By Michael Dellapi
One cannot begin a discussion of “good-bad” movies without immediately addressing the cult classic film “The Room.” “The Room” has gathered a following and tradition most akin to the “Rocky Horror Picture Show,” with audiences gathering in droves to celebrate the film’s universal sense of awfulness. From its nonsensical plot to laughably bad acting at some points, “The Room” has certainly earned its notoriety as one of the worst movies of all time. However, looking at the piece from a radically different perspective may reveal that “The Room” isn’t as detestable as people may claim. Director, main actor and writer Tommy Wiseau argues that his prized creation is a dark comedy about trust and deceit. The plight of protagonist Johnny, however, is nothing remotely close to laughable. Instead, it’s possible to argue that “The Room” is actually a deconstruction of traditional suburban values in modern America. In essence, “The Room” may very well be the “Death of a Salesman” for a new generation.
I should begin this complex and ultimately unnecessary analysis of “The Room” with a warning: there are many spoilers ahead. The protagonist of “The Room,” Johnny, is an accomplished banker who lives in a two story house in San Francisco with his loving fiancee Lisa. His neighbour Denny is almost aggressively approachable, inexplicably showing up in their house whenever he sees fit. Throughout the course of the film, it is revealed that Lisa is cheating on Johnny with his best friend Mark. Johnny is led on a path of self-destruction and torment that eventually culminates in his suicide. His death is the most climactic moment of the film, yet I am willing to argue that Johnny was already dead from the moment that he is introduced. No, Johnny isn’t a zombie. Rather, the audience is presented with an immediate death of spirit. The monotony of Johnny’s career is evidently taking a toll on him, showcased by his general lack of expression and borderline incomprehensible speaking patterns. Most audiences are willing to argue that these factors are caused by Wiseau’s blatant inability to act, but I largely reject this claim. Wiseau’s performance may be deliberately dancing within the Uncanny Valley, highlighting the character’s eternal sense of lifeless despair. The death of Johnny at the end of the movie is therefore only a death of the body, as the soul has been dead all along.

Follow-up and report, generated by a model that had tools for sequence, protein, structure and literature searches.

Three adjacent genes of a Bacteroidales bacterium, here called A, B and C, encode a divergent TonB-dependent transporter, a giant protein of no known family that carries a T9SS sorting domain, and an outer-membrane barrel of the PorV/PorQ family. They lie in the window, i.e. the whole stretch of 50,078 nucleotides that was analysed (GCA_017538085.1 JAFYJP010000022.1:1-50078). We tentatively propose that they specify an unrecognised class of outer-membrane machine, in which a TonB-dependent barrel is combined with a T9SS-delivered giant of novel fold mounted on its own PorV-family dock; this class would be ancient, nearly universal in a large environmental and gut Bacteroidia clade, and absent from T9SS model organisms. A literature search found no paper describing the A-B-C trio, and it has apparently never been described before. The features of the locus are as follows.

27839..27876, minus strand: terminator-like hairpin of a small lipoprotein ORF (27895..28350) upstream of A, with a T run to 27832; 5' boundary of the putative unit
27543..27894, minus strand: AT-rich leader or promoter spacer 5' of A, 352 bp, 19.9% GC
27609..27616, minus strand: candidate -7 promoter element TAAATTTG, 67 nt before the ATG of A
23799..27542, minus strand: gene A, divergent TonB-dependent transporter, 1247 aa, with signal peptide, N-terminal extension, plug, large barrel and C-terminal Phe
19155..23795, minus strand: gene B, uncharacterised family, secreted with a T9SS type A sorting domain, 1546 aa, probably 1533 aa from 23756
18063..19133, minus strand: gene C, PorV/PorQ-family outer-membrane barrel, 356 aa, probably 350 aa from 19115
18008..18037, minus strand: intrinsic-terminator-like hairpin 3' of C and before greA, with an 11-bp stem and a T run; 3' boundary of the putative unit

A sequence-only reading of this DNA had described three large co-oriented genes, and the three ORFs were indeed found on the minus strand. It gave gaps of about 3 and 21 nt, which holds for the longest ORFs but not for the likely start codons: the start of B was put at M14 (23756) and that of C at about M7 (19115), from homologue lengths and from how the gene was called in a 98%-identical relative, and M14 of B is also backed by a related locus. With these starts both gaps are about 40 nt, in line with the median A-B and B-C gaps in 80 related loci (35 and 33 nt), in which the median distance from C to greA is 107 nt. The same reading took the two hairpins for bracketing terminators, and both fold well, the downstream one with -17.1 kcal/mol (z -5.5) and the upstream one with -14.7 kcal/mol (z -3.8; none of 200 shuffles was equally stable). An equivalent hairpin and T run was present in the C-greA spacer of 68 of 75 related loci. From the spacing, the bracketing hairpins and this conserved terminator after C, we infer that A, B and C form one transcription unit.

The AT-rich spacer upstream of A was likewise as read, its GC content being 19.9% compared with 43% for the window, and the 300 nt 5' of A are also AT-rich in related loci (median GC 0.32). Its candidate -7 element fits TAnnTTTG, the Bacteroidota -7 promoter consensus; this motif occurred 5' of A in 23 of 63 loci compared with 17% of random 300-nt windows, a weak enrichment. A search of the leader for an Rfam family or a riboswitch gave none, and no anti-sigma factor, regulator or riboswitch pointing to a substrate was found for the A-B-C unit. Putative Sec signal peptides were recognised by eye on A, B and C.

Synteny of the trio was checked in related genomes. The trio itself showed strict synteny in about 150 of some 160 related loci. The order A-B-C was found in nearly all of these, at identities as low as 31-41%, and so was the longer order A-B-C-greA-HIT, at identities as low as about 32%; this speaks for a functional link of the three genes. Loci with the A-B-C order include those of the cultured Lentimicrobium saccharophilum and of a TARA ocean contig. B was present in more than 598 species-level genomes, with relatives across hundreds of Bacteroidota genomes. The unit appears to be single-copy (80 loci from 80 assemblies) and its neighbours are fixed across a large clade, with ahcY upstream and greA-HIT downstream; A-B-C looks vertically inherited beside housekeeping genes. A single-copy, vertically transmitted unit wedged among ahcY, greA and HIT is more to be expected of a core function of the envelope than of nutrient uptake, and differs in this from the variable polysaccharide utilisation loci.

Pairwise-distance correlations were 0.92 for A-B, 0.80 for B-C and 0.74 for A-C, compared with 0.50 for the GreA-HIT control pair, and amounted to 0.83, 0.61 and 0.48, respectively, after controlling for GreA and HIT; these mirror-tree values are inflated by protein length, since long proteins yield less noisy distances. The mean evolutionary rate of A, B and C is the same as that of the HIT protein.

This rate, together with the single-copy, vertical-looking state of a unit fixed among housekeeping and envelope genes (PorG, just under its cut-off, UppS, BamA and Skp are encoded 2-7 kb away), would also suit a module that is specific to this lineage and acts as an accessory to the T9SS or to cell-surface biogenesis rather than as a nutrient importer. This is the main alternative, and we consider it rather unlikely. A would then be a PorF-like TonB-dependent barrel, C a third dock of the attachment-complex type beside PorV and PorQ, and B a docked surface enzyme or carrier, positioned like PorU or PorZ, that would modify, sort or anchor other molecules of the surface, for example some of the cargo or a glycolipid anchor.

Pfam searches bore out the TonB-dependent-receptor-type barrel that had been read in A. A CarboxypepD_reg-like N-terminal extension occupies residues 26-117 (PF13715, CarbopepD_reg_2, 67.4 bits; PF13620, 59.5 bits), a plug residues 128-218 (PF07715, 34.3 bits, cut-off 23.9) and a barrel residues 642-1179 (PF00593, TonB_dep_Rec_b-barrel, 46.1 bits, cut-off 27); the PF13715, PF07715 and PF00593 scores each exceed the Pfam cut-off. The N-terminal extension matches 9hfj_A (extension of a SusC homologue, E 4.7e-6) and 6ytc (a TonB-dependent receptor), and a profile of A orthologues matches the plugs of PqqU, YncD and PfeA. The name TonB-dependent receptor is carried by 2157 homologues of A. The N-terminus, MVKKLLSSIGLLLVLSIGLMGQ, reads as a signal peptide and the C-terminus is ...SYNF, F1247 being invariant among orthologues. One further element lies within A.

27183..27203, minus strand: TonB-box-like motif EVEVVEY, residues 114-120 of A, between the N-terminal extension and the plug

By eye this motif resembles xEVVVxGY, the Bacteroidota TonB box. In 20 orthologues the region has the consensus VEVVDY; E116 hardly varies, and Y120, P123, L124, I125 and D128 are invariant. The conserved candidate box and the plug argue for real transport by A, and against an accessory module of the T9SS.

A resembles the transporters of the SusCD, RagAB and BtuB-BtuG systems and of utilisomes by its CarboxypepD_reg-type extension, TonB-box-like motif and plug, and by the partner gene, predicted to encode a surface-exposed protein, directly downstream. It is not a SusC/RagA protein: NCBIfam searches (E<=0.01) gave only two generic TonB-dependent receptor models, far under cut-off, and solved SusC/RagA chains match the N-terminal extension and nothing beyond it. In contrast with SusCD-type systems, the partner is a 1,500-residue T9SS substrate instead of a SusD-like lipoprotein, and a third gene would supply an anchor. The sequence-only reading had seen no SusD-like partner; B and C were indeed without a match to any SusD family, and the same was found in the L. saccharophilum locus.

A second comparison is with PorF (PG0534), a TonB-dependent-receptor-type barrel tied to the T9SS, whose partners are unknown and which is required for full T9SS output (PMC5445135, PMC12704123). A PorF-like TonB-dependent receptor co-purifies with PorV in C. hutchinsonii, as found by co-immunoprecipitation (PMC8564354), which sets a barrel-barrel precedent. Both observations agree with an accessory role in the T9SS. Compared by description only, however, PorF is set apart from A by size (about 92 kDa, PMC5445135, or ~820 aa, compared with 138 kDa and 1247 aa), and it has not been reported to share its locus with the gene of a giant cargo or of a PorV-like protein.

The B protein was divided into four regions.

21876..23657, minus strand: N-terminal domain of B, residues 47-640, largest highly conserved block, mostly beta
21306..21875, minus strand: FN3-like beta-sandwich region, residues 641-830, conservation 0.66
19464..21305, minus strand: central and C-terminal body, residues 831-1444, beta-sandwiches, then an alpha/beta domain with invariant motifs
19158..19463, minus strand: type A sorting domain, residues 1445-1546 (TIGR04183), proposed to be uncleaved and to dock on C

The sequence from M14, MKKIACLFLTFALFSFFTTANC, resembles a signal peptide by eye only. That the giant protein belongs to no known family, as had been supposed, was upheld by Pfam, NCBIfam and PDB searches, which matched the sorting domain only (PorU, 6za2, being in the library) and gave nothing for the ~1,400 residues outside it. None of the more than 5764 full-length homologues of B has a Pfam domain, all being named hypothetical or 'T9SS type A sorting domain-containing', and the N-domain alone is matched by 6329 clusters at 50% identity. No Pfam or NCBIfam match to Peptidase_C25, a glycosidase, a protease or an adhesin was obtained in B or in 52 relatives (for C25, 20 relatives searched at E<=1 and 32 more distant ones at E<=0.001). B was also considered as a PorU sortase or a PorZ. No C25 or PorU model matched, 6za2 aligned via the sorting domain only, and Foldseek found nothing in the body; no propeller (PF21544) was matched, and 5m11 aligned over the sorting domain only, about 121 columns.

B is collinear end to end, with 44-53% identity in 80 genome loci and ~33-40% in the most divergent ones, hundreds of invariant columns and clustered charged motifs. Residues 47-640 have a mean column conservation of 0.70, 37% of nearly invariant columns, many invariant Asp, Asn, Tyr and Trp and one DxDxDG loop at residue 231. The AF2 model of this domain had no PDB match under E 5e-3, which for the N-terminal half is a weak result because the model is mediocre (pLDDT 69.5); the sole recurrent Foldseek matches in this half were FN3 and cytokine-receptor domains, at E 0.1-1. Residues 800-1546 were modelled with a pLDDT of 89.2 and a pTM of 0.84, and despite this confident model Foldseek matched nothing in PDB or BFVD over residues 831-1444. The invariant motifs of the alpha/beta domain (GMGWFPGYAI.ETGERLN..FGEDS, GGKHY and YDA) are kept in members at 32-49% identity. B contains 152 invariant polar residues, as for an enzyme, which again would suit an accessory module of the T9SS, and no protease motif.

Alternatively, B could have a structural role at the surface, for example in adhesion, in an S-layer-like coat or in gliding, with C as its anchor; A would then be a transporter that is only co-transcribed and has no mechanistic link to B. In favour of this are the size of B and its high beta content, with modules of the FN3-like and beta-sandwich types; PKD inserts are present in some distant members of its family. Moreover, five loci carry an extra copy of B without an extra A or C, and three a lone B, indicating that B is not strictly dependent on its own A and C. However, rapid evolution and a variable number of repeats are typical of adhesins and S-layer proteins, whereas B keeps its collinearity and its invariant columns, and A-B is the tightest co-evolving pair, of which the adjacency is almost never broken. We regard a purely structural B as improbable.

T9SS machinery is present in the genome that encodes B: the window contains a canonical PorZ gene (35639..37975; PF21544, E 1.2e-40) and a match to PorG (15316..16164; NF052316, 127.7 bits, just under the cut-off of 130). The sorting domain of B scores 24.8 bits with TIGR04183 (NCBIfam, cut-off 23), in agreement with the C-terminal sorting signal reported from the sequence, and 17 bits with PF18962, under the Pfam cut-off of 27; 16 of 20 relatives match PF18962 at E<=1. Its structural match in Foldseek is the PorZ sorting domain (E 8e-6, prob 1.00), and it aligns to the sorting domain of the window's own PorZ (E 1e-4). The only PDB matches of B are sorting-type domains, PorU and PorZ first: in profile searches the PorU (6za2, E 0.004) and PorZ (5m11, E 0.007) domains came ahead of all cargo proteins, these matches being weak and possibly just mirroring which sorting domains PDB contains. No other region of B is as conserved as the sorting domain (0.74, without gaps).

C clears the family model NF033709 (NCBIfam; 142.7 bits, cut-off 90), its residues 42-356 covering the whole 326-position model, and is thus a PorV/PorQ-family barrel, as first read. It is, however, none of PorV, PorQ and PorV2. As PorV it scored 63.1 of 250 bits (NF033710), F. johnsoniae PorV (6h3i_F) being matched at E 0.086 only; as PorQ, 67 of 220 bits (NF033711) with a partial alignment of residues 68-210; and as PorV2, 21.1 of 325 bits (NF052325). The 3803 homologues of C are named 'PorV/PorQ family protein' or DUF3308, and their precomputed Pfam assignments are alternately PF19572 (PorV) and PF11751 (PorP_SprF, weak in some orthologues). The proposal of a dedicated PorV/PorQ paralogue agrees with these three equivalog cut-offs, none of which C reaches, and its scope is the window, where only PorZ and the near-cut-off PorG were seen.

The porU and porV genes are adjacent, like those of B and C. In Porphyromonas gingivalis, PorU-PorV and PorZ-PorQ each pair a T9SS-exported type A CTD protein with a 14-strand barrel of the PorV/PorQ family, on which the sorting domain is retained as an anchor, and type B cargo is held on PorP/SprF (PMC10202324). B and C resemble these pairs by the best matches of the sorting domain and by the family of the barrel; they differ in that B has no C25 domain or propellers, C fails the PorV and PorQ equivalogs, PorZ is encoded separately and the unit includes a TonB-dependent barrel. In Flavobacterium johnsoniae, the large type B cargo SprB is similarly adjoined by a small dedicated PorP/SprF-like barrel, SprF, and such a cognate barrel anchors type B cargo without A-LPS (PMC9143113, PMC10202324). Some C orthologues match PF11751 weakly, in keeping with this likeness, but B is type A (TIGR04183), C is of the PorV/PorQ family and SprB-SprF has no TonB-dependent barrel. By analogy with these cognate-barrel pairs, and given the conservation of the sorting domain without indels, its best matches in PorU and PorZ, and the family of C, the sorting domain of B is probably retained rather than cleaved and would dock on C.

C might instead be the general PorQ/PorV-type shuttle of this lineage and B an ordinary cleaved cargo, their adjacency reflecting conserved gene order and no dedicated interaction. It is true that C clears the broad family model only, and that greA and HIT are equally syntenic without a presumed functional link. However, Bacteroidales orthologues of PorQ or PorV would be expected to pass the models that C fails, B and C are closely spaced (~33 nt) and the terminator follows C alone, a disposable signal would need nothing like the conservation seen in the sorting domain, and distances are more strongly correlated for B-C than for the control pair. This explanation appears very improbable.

The plot’s tendency to spiral out of control into bizarre subplots is yet another formal choice of Wiseau’s. In his attempt to deconstruct the traditions of suburban living, Wiseau essentially hollows out the sense of security that holds this style of living together. Once he does so, the narrative seems to collapse in on itself. What is left behind is a revolting husk of what was once considered sacred. Essentially, what Wiseau is doing is illustrating how quickly situations snowball out of control once one cog in the seemingly perfect machine of suburbia stops turning. It is unclear as to what lit the fuse that sets this disaster into motion. However, it’s safe to assume that Johnny’s dissatisfaction with his job is a possible starting point for the ensuing devastation. The morals of Wiseau’s narrative are undeniably intricate. Is he warning the audience about the dangers of idealizing a certain way of living? Or is his film a condemnation, arguing that it is already too late for modern America? Regardless of his intentions, it is evident that “The Room” will remain as a magnetic force for cinephiliacs for decades to come.
Michael Dellapi is a staff columnist for the Highlighter.